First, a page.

Trust in peer networks takes a nosedive
Let’s assume your business is overflowing with 100-percent genuine authenticity. As it should be. Now, what’s the best way to broadcast and cultivate that authenticity? Social networking, right?
Not so fast: already, the credibility of social networks among consumers isn’t what it used to be.
The potential of virtual peer influence has brands scrambling to shift their marketing dollars to social media. In a June 2010 poll of 457 American business leaders, 72 percent said they had a social media marketing strategy, and of those, three quarters planned to invest more in it in the coming year.
The problem is, the authenticity of peer-to-peer networks is getting shaky. We no longer trust our “friends.” PR firm Edelman reports in its 2010 Trust Barometer that the number of people who trust their friends and peers as sources of information about brands and products dropped from 45 percent in 2008 to just 25 percent in 2010.
This really shouldn’t come as a surprise. It was only a matter of time before people caught on to the reality that social media have become a marketing playground. Sometimes, you can’t help but wonder what’s behind that peer referral. More simply, social media users are collecting ever-larger networks of “friends” that include more mere acquaintances. (BTW, Wired has a very nice commentary on whether Facebook is ruining real friendship.) Add to that the fact that as the volume of recommendations people receive grows, their importance shrinks. They turn into noise, and they get filtered out—a classic marketing dilemma.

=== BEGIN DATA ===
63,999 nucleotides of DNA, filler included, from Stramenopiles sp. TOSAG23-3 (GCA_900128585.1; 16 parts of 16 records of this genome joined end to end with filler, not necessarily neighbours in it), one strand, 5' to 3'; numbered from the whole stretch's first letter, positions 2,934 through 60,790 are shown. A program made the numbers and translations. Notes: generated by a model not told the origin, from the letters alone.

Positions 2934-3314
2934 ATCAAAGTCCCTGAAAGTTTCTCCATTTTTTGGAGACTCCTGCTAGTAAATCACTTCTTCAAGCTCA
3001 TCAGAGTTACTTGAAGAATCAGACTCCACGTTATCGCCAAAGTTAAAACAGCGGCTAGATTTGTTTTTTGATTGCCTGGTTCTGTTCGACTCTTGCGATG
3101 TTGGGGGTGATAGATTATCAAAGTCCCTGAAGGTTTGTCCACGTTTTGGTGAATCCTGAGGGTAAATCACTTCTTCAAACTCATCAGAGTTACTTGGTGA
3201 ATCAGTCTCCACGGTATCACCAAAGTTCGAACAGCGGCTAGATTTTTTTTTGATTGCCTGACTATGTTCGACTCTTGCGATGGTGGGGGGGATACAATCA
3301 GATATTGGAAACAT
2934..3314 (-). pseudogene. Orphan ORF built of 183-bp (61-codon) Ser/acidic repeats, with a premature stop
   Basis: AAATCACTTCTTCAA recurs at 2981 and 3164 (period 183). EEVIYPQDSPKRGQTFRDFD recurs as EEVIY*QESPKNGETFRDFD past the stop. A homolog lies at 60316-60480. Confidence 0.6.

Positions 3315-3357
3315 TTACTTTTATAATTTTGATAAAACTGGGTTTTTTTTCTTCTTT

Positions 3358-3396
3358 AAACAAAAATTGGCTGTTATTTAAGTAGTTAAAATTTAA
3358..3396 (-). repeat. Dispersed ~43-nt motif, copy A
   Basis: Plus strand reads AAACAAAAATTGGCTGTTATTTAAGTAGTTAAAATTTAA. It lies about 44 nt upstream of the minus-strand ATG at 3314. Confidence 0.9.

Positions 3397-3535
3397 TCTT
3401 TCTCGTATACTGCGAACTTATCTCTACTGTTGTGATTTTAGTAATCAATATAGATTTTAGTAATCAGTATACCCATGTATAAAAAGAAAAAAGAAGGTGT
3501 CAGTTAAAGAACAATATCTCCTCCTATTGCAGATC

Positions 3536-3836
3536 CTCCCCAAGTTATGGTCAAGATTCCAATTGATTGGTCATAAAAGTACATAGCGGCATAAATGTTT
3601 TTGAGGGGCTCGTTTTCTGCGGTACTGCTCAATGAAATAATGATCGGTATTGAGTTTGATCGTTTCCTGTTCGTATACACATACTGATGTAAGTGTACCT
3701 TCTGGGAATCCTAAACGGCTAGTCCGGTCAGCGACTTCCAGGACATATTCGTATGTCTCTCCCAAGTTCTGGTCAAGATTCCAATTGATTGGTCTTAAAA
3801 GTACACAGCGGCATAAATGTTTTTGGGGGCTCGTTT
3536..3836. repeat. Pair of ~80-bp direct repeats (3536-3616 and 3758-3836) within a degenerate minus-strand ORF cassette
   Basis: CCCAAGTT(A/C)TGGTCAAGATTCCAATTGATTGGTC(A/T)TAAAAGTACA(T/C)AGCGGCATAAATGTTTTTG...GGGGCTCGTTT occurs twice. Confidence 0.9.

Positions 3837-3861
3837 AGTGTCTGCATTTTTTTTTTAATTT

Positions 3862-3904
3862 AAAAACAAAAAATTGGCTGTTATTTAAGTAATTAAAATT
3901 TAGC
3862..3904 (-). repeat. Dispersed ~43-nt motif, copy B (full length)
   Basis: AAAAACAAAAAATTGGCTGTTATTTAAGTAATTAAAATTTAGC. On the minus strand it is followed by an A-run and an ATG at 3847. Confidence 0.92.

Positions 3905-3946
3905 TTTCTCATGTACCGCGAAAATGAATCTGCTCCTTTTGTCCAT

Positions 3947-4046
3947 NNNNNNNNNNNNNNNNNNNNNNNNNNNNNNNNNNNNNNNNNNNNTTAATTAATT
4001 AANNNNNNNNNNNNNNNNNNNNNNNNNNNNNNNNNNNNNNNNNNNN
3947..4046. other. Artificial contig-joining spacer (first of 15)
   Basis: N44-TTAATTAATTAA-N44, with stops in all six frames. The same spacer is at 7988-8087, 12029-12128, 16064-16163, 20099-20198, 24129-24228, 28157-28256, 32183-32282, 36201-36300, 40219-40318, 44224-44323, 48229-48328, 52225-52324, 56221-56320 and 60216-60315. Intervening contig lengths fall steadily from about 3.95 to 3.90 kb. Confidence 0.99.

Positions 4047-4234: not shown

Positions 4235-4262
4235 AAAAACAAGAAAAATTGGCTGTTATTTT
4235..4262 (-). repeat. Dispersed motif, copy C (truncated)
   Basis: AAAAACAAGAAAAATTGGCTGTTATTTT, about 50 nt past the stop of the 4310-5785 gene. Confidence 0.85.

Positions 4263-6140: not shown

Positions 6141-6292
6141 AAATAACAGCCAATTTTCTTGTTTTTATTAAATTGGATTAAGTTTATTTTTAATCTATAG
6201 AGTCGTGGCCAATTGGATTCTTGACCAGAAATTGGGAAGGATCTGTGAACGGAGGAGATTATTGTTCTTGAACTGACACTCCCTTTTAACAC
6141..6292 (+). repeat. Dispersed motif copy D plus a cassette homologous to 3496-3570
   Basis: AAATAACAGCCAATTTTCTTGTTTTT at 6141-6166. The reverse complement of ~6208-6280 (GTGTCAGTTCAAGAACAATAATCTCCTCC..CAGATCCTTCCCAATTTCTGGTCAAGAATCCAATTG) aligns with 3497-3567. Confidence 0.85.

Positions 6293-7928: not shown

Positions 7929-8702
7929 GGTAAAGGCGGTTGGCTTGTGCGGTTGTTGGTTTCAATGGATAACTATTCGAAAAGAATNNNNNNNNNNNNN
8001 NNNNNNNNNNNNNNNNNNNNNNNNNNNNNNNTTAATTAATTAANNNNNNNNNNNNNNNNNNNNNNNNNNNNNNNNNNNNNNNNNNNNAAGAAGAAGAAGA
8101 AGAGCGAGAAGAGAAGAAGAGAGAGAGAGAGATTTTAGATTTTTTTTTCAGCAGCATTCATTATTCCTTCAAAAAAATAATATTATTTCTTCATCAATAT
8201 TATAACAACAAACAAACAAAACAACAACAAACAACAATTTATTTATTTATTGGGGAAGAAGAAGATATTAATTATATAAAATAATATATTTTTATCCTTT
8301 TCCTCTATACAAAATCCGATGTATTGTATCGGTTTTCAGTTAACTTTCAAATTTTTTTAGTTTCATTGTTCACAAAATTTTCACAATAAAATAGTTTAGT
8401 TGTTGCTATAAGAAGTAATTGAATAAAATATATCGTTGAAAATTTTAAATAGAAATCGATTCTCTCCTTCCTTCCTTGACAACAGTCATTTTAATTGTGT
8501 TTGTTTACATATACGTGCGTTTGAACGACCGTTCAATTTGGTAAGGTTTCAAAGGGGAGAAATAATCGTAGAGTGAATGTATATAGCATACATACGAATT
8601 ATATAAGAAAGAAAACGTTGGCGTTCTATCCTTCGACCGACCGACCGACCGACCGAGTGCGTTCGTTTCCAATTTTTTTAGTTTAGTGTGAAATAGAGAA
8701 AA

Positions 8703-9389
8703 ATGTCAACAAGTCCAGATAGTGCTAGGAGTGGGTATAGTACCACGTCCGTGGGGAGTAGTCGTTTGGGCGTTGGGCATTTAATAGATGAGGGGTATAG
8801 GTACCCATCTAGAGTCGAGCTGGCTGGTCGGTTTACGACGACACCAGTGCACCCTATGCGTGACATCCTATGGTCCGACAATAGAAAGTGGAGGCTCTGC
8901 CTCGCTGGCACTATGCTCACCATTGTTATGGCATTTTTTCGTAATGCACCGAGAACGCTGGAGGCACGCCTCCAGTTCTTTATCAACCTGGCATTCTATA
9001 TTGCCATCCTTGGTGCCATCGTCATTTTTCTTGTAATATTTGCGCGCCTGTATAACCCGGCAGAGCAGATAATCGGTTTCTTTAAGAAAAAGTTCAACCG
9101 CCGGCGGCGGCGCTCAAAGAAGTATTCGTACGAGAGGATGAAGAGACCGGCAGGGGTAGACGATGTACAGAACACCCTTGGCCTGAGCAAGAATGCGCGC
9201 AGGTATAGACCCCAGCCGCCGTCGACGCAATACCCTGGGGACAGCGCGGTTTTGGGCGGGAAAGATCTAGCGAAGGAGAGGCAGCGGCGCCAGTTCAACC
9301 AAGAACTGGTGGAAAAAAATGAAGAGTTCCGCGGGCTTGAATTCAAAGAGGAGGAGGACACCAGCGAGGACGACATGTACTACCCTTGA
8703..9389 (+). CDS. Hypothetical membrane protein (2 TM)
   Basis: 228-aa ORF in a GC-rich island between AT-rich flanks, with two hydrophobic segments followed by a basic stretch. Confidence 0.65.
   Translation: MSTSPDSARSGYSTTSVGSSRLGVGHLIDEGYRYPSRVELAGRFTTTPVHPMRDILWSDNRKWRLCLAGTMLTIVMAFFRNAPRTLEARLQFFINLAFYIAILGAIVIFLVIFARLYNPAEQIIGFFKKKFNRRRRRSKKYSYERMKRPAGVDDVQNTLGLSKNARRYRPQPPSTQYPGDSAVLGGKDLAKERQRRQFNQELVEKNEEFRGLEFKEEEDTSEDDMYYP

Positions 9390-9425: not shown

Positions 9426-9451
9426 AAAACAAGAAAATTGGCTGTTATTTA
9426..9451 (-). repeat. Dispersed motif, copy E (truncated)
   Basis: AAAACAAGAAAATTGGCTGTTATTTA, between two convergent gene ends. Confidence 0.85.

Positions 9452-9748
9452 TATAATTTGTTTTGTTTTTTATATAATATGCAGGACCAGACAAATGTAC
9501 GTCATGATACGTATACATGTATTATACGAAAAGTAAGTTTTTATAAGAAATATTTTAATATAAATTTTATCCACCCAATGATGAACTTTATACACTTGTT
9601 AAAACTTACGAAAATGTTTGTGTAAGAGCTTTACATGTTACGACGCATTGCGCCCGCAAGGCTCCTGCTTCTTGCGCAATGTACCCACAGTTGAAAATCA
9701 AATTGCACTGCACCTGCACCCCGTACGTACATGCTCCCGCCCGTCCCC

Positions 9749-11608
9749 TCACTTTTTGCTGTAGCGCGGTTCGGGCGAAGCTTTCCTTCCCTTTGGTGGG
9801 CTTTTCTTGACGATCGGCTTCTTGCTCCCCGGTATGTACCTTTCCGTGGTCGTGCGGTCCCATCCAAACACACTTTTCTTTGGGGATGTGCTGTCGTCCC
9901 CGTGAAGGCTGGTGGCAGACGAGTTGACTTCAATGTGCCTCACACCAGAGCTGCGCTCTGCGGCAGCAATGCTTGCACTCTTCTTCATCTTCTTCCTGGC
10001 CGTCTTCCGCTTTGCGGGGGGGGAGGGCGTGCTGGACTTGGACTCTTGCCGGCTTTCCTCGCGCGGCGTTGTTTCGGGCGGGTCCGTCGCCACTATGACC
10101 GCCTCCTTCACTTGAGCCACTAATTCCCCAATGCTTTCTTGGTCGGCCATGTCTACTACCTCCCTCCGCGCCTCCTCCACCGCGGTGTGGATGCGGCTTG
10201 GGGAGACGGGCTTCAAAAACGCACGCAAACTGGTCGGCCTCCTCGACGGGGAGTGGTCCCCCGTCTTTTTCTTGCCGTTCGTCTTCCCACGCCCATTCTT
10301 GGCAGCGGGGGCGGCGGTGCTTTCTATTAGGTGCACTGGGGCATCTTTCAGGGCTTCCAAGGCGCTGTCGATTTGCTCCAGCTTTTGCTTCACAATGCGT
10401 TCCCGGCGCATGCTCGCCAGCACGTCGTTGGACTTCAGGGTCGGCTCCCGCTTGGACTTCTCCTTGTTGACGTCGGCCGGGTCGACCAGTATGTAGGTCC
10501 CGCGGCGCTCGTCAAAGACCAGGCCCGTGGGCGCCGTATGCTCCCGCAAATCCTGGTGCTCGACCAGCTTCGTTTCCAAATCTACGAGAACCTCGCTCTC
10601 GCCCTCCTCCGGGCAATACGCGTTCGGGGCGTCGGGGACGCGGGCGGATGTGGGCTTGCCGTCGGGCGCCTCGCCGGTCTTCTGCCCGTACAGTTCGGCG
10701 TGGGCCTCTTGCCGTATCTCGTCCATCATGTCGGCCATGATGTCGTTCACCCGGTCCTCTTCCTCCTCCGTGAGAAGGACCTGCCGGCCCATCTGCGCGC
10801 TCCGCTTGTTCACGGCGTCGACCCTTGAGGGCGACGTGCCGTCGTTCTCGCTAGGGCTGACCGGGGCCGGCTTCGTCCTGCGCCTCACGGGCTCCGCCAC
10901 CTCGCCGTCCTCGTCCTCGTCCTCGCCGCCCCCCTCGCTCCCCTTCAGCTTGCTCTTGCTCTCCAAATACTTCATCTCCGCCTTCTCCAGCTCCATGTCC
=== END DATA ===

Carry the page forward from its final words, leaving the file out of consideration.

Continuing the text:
Nevertheless, devoting a healthy chunk of your marketing budget to social media is far from misguided. Facebook alone has 500 million users, after all, and with its recent announcement of a new “modern messaging system” promises to become even more entrenched. There’s every indication that bloggers, consumer enthusiasts, and the like will keep gaining on traditional media. And consider that a new USC Marshall School of Business study shows “brand attachment” as having even more impact on consumers than we thought: consumers apparently experience the brand as an extension of self and will go to amazing lengths to preserve their attachment. I’d say that kind of attachment sounds like a job for social media and its relationship-building powers.
By all accounts, there remains a core group of influencers who do inspire trust, and consumers do follow their lead. We just have to find those “action consumers” and design our campaigns accordingly, says Edelman’s Christina Smedley in Ad Age. Edelman CEO Richard Edelman wrote in his blog, “Cultivate a wide circle of spokespeople with substantial expertise and participate in conversation in real time across every channel, because people need to hear or read something five times in different places in order to achieve belief.”
Good advice. But there’s a larger lesson here. Social media, for all its power, is not the be-all and end-all of marketing and never will be. You still need a brand-focused, integrated marketing plan whose every piece reinforces and builds on the others.